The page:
A former Vatican official known for his
opposition to marriage equality has claimed in an 11-page letter that
Pope Francis protected a former cardinal accused of sexual
Archbishop Carlo Maria Vigano was
recalled from his D.C. post in 2016.
In his letter, first reported by the
National Catholic Register and LifeSite News, two Catholic
conservative outlets, Vigano claims that Pope Benedict XVI, Pope
Francis and other top church officials were aware of sexual
misconduct allegations against Theodore Edgar McCarrick, a former
cardinal who served as Archbishop of Washington from 2001 to 2006.
Pope Francis accepted McCarrick's
resignation in July after a news report alleged that McCarrick made
unwanted sexual advances toward seminarians. McCarrick is the first
U.S. cardinal in history to resign.
“[Francis] knew from at least June
23, 2013 that McCarrick was a serial predator. He knew that he was a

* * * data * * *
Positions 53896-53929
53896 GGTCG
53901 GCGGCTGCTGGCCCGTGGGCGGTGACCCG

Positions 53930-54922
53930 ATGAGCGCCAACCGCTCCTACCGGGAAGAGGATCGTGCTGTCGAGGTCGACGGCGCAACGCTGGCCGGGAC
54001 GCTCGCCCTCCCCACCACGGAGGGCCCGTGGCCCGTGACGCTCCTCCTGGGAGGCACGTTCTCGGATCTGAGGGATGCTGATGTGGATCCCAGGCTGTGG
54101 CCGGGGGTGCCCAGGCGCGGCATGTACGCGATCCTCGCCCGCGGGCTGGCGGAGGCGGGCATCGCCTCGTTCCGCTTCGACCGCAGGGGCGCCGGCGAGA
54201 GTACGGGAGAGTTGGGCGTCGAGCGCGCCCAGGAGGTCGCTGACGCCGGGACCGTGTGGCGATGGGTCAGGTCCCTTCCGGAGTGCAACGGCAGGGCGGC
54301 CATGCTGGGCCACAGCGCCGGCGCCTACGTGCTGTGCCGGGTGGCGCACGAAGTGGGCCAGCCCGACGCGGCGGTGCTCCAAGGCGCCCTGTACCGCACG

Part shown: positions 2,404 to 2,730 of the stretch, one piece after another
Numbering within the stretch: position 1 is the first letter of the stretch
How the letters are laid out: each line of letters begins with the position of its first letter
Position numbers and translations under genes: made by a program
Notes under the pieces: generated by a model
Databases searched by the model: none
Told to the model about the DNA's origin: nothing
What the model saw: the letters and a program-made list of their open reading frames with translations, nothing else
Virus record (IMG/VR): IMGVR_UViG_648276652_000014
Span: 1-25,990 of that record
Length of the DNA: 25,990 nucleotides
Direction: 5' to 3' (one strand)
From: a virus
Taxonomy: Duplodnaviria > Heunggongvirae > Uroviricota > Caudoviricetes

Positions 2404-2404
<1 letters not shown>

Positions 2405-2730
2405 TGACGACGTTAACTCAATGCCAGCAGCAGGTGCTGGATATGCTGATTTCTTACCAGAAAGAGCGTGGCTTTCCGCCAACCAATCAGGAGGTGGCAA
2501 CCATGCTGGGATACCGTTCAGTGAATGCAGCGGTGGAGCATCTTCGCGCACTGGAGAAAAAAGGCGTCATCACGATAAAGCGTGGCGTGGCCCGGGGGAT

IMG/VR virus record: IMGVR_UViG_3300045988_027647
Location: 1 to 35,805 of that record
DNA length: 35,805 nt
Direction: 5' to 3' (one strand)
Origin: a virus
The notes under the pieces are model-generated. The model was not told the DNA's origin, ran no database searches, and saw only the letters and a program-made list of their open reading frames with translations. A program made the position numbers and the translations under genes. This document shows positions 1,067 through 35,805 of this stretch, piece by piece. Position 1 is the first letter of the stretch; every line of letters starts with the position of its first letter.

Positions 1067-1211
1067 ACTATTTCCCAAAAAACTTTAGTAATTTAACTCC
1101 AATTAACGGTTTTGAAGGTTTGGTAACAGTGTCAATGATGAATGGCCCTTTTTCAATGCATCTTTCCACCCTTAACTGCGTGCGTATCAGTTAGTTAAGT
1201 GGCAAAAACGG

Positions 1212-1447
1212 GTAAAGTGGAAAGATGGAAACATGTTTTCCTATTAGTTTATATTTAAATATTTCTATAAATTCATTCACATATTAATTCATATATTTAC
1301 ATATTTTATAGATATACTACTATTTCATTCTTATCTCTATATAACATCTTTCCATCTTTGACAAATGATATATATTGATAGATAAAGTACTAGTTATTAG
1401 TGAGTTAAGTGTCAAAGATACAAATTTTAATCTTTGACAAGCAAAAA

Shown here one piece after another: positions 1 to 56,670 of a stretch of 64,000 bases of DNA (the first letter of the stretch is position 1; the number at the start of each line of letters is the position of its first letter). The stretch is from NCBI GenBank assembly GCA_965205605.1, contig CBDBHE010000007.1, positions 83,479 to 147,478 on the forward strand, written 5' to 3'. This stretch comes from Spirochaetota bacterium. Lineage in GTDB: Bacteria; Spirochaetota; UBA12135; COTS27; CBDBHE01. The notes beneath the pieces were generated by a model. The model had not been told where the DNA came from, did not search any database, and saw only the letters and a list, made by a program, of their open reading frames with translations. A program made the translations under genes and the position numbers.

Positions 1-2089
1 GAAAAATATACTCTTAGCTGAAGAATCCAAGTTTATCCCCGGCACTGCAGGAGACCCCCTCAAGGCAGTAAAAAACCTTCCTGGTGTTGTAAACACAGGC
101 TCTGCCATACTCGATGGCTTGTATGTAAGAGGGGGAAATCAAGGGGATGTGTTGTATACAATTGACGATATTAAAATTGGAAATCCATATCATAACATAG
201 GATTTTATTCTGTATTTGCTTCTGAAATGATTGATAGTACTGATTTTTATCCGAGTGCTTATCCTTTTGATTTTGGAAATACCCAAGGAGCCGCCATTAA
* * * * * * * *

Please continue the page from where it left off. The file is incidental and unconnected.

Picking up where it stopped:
corrupt man, he covered for him to the bitter end,” Vigano wrote.
Vigano blamed “homosexual networks”
for sexual abuse and corruption in the Catholic church.
On his trip home from Ireland, Pope
Francis refused to comment on Vigano's claims, saying that his letter
“speaks for itself.”
Francis told reporters that he trusted
people to judge for themselves.
Washington Post reported that the letter “offered no proof
of its claims” and that Vigano refused to comment beyond saying
that he wrote the letter.
Vigano in 2015 arranged a controversial
meeting between Pope Francis and Kim Davis, the Kentucky clerk who
fought to keep her office from issuing marriage licenses to gay and
lesbian couples. The Vatican denied assertions from Davis' lawyer
that the pope had personally requested the meeting. Francis accepted
Vigano's resignation from his diplomatic post in April, 2016.